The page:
Below is the typical chargeback process. Please review and contact your BridalLive account manager (firstname.lastname@example.org) or Fullsteam’s Payment Services team with any questions. Fullsteam may be reached at 334-329-6775, option #4.
Step 1: The cardholder contacts their credit card issuer (also known as the “issuing bank”) and files a chargeback for a specific payment.
Step 2: The merchant is (sometimes) debited the amount of the charge by the credit card issuer when the chargeback is initiated. This is dependent on the card-issuing bank and/or the card brand.
Step 3: Fullsteam is notified by the credit card issuer that a chargeback has been filed. Fullsteam will then alert the merchant of the chargeback via email and the dispute process begins.
This email will include a request for the merchant to provide all relevant information regarding the charge to help prove the cardholder’s intent and/or agreement for purchase.
Step 4: The merchant submits any/all evidence pertaining to the charge being disputed via email prior to the deadline communicated in the chargeback notification email. (examples below) In order to submit your documentation, you must reply to the original email sent to you by Fullsteam detailing the chargeback.
Step 5: Fullsteam will submit any/all evidence provided by the merchant and will dispute the chargeback with the card issuer on behalf of the merchant.
The dispute window is typically 20-30 days depending on the card issuer. The deadline provided by Fullsteam is set by the card issuer and all evidence must be submitted by that date, with no exceptions.
Step 6: The final ruling of a chargeback being in favor of the cardholder or the merchant is solely up to the card issuer.
The resolution process can take anywhere from 45-60 days after the dispute deadline, and Fullsteam has no control over the timeframe as these are set by the card issuer and/or card brands.
*Keep in mind that the cardholder is the issuer’s customer, so the evidence must provide enough validation of the cardholder’s intent for the chargeback to be ruled in the merchant’s favor.
Examples of evidence to provide for a chargeback dispute:
Please note that the below examples will be specific to the cardholder, aka the person whose name is on the credit card being used for a purchase.
In some cases, the cardholder and the person placing a special order might be different, so it’s important to keep that in mind regarding the below recommendations.
Appointment booking fees and cancellation charges:
- Screenshots of appointment cancellation/booking policy clearly shown on the shop’s website.
- Screenshot of appointment cancellation/booking fee agreement as shown on BridalLive website forms (policy, billing address entry, signature-when using auto-charge booking fee, etc).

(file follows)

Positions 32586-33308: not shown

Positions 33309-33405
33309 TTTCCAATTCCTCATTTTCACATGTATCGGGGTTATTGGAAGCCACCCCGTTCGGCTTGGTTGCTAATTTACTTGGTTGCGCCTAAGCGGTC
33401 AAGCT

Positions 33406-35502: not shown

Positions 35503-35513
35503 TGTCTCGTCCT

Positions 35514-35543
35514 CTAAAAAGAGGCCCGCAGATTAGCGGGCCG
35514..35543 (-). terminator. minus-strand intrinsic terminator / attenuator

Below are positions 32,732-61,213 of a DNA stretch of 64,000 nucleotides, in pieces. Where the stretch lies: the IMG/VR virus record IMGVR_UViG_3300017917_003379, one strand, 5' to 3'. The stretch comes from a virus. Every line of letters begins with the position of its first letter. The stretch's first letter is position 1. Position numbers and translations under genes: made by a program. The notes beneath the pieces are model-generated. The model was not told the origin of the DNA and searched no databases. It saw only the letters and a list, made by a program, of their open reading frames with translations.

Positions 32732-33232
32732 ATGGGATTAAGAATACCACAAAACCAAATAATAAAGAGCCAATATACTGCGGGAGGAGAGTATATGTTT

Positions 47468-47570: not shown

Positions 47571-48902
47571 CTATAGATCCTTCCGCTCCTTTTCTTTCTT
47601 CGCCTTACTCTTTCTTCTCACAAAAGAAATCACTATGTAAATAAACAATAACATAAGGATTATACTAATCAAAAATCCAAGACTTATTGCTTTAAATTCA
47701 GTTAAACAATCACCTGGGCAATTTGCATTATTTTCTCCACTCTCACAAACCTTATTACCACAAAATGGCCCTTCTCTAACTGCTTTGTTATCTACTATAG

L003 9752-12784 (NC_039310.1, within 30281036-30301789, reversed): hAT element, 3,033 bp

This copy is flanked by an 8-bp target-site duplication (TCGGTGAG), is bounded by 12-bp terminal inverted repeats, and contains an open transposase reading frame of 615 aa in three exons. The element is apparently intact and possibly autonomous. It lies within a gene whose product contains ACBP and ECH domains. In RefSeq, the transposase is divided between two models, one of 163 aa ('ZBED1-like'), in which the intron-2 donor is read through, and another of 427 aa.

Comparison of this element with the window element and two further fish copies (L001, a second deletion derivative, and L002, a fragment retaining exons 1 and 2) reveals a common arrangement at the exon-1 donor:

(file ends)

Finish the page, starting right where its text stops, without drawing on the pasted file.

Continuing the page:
- Appointment confirmation messaging including details about appointment booking/cancellation policy (email/SMS).
- Appointment reminders including details on appointment booking/cancellation (email/SMS).
Transaction Charges (Sales, Special Orders, or Layaways)
- It’s best practice to process all in-shop payments via a terminal using EMV (inserting the chip) when possible.
- A clear, all-encompassing, and customized “sales agreement” detailing the shop’s policy must be signed for each transaction on the created date.
- A cardholder signature must be obtained for all in-person payments via the payment receipt.
- It’s best practice to email a signed copy of the invoice/sales agreement to the customer/cardholder as well.
- Any/all relevant written communications pertaining to a transaction/purchase/order between the shop and the cardholder and/or purchaser.
Automatic Payment Plans
- In addition to the sales agreement and payment signature, a clear and comprehensive agreement of the automatic payment plan terms must be signed by the cardholder.
In-person payments are ideal, however not always possible. BridalLive’s online payments feature is the next best alternative due to the cardholder signing a sales agreement (contract), entering their billing address, and signing for the payment.
Manual Entry Payments
Manual entry payments and/or virtual terminal payments should be the last resort since it’s considered a “card not present” transaction. “Card not present” transactions are the easiest for the cardholder to claim as fraudulent and increase the liability of the merchant losing the chargeback dispute without adequate evidence. (Typically due to lack of signature for payment.)
*Be sure to enter the billing address for the credit card upon entering manually.